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which cert route?

Discussion in 'General Microsoft Certifications' started by tumbler, Nov 30, 2007.

  1. tumbler

    tumbler New Member

    Hi Guys,

    I wonder if I could pick your brains. I have a peculiar question that may shock a few techies here, but it's a serious question borne out of pragmatism. I have a few further questions, too.

    My situation. I am a unix sysadmin of 6 years. My problem. I am always working away from home (ie. London) and have grown tired of this, particularly as I have a young family. Now, I've just been made redundant (was a contractor).
    My problem #2. There are very few unix roles in my home area, or surrounding (and I'm not prepared to commute more than an hour each way).

    My prospective solution? (This is where the potential for blasphemy might come in from certain groups). There are many windows jobs around my home disrict, so I am thinking of - wait for it - retraining as a windows sysAdmin. There, I said it, wasn't so bad.

    Basically, if it means getting home each evening and watching the children grow up then it has to be done. Plus Idon't mind windows as an OS, either, having used it on my home PC for years.

    So, my questions. What route do you guys recommend I take? Now, I'm 40 yrs old, by the way and I'm more than willing to spend time paying my dues in first line support and work my way up gathering tech accreditation en route. Is this recommended?

    Or should I spend the winter gaining certs and then hit the job market in the spring - albeit with no industry experience?

    Which certs do you recommend, by the way? I have an MSc in computer science so my basic computing knowledge is sound. Should I plump for MCSE 2000, or MCSE 2003 or both, or neither?

    Any comments gratefully received.

  2. BosonMichael
    Highly Decorated Member Award

    BosonMichael Yottabyte Poster

    With 6 years of UNIX admin experience, I don't think you'd have to go all the way back to first-line support. You might have some luck getting a junior systems admin job where you'd have responsibility learning how to maintain Windows servers. And with your real-world experience under your belt, you'd likely advance quickly.

    Although I create certification training products for a living, I'll always recommend experience + certification over getting a pile of certifications. So I'd recommend that you get a position as soon as possible, and study along the way. Again, with your past experience level, you should be able to advance AND certify relatively quickly.

    The MCSE on 2000 is fine, but the exams will be retired in March of 2008... not a lot of time to get them, with only four months left! Therefore, I'd recommend pursuing the MCSA (then MCSE) on 2003 certifications.

    Hope this helps!
    Certifications: CISSP, MCSE+I, MCSE: Security, MCSE: Messaging, MCDST, MCDBA, MCTS, OCP, CCNP, CCDP, CCNA Security, CCNA Voice, CNE, SCSA, Security+, Linux+, Server+, Network+, A+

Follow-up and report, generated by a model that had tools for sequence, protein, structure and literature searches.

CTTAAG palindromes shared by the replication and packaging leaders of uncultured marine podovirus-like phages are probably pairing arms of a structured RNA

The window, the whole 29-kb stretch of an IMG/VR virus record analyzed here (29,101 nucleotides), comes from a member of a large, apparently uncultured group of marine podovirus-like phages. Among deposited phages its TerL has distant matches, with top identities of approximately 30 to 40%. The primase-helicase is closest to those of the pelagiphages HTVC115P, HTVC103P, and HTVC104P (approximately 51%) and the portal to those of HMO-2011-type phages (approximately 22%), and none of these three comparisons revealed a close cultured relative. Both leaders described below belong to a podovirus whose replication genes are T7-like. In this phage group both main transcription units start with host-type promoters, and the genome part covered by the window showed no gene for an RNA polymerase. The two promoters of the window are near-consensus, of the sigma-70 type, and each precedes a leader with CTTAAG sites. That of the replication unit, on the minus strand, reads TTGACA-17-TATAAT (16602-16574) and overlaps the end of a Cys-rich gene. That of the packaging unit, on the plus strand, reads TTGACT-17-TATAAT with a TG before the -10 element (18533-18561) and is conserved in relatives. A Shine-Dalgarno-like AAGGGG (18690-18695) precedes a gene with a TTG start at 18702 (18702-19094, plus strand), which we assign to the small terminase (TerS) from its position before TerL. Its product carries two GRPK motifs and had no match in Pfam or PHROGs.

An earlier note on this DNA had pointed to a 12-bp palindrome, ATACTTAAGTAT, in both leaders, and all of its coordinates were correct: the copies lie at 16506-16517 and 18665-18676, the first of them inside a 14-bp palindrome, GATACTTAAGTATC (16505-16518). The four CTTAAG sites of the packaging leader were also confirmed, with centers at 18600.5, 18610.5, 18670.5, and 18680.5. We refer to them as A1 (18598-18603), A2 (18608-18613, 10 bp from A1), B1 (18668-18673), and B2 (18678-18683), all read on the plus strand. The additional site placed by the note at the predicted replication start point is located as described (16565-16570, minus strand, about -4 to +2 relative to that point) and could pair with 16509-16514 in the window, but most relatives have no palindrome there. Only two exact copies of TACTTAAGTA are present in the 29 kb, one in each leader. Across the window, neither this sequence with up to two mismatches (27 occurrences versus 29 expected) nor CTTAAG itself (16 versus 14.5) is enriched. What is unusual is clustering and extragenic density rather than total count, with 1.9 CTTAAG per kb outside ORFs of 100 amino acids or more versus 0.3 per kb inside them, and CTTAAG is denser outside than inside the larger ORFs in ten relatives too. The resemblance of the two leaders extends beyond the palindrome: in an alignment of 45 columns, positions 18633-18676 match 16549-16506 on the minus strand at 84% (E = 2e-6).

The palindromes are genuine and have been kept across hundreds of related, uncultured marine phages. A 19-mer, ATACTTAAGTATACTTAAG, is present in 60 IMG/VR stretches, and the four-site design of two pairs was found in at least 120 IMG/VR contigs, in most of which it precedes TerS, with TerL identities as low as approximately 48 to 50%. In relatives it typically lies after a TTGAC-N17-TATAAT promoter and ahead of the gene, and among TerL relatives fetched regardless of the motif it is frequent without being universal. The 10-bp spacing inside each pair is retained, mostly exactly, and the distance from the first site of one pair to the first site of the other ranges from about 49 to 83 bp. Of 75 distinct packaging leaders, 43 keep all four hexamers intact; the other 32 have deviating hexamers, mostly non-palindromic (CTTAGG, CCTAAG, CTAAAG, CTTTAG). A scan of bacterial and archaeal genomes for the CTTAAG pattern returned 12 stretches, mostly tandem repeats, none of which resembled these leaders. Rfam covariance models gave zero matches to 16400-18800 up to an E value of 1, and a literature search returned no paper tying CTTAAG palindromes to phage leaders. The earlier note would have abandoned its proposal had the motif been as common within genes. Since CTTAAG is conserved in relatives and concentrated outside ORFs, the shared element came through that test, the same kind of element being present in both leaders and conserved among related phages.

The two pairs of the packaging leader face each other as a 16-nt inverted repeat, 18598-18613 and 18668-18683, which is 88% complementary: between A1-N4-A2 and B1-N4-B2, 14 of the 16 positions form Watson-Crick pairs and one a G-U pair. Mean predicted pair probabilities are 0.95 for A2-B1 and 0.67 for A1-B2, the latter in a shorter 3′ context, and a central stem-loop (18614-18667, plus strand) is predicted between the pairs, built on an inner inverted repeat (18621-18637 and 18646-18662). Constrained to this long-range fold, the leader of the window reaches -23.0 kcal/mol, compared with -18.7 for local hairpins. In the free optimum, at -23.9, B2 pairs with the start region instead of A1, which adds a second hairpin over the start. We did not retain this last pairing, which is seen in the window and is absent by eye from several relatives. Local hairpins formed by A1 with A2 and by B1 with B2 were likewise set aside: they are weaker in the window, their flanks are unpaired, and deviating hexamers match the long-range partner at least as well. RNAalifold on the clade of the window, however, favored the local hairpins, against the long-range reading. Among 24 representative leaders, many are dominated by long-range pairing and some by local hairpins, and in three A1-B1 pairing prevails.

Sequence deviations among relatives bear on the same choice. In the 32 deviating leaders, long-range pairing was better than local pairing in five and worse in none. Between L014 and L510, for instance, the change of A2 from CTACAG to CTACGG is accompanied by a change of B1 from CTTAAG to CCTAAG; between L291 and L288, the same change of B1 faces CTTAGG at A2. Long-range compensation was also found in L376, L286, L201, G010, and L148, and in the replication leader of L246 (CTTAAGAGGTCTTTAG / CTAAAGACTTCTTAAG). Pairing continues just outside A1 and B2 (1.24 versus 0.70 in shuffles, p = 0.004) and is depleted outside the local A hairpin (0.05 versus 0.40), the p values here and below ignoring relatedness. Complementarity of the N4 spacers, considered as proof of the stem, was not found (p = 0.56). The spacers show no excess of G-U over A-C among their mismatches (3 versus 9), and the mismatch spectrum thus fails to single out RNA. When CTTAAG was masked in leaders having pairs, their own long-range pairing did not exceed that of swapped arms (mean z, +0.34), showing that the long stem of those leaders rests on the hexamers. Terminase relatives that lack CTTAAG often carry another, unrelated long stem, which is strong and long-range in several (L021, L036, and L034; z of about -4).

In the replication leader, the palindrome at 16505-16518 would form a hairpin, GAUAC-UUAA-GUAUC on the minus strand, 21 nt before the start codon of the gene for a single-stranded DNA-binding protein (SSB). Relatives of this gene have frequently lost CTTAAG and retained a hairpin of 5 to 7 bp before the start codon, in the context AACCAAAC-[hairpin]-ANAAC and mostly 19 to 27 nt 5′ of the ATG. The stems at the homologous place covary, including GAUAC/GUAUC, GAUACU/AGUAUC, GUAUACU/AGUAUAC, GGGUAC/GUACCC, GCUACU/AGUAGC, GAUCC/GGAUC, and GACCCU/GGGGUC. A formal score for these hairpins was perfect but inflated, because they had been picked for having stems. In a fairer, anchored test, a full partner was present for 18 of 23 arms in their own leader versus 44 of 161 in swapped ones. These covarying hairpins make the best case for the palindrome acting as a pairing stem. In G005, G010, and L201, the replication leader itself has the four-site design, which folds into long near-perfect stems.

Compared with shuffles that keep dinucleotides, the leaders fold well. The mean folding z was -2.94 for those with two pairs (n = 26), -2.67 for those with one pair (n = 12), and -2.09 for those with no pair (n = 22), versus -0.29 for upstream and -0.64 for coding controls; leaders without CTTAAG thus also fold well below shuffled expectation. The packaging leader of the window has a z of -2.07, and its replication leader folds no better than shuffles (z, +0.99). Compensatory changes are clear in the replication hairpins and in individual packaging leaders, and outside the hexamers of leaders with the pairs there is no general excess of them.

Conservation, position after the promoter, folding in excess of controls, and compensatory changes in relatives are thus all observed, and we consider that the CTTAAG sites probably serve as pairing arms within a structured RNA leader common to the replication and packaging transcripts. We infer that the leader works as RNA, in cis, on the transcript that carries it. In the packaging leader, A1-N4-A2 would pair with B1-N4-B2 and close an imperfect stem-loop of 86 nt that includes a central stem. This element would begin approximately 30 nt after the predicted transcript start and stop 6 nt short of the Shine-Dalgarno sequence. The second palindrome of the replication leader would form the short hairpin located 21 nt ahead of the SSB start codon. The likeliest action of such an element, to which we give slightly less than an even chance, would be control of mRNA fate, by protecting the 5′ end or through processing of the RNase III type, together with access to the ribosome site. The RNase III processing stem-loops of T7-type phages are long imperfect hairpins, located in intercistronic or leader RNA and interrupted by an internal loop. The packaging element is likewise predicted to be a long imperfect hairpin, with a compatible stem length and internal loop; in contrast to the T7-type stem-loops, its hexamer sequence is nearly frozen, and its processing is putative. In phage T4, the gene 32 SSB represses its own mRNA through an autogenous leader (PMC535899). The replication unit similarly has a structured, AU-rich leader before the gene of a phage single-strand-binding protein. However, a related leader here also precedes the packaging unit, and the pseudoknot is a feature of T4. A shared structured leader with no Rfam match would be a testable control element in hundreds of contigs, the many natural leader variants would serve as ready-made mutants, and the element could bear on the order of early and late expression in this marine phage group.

WIP: Just about everything!
  3. r.h.lee

    r.h.lee Gigabyte Poster


    What are the job requirements for those "many windows jobs around my home district?"

    It depends on the answer to the above question.

    Conventional wisdom is that prior to any Microsoft certifications, you should pursue and achieve CompTIA A+ certification. That is because supposedly employers and interviewers for job candidates were shocked to find out that although someone may actually have the Microsoft knowledge and skills but couldn't identify the difference between a video card and a library card, between a power cable and a printer cable, between a CPU and a CUP, and between RAM and a EWE, it's now expected to have physical computer machine knowledge and understanding.

    For some people, the transition from "Microsoft uncertified end user" to "Microsoft Certified Professional" may seem like a quantum leap. Assuming the above advice, which path to choose between MCSE 2000 and MCSE 2003 would depend if you currently have a Microsoft Windows 2000 Professional computer or a Microsoft Windows XP Professional computer at home?
    Certifications: MCSE, MCP+I, MCP, CCNA, A+
  4. zapski

    zapski Bit Poster

    Hey Tumbler,

    tough decision retraining but I know a lot of 'nix guys in your situation, away for the week and home to the family for the weekend. It's a tough one. And no I don't think you're commiting any cardinal sin in going over to the 'Dark $ide' (oops, joke!).

    One thing's certain, once you're up to speed with windows, a win SA with your unix experience could prove invaluable to many employers, particularly those wanting help setting up a few experimental linux boxes etc.

    Good luck with it!
  5. Finkenstein

    Finkenstein Kilobyte Poster

    I agreen with BosonMichael... I don't know the situation in the UK, but here in the states, someone with that level Unix knowledge and a decent understanding of the Microsoft side of things is a nice bonus to many companies.

    Also if you are opting for an MCP/MCSA/MCSE, I'd go the 2003 route... that way you don't have to worry about cramming for a bunch of tests in order to get them under your belt before they expire.

    Good luck!
    Certifications: MCP, Network+, CCENT, ITIL v3
    WIP: 640-822
  6. tumbler

    tumbler New Member

    Thanks for the replies guys - BosonMichael, r.h.lee, zapski and Finkenstein - very helpful.

    > r.h.lee
    Varied and numerous, complete spectrum really, though many specifying certifications that I lack, the remainder being 1st line support.

    I've replaced/upgraded the hardware on a good many x86 systems. I have two laptops - one with win 2k pro, one with 2003 server. I have XP Pro on CD, so I could dual boot a system.

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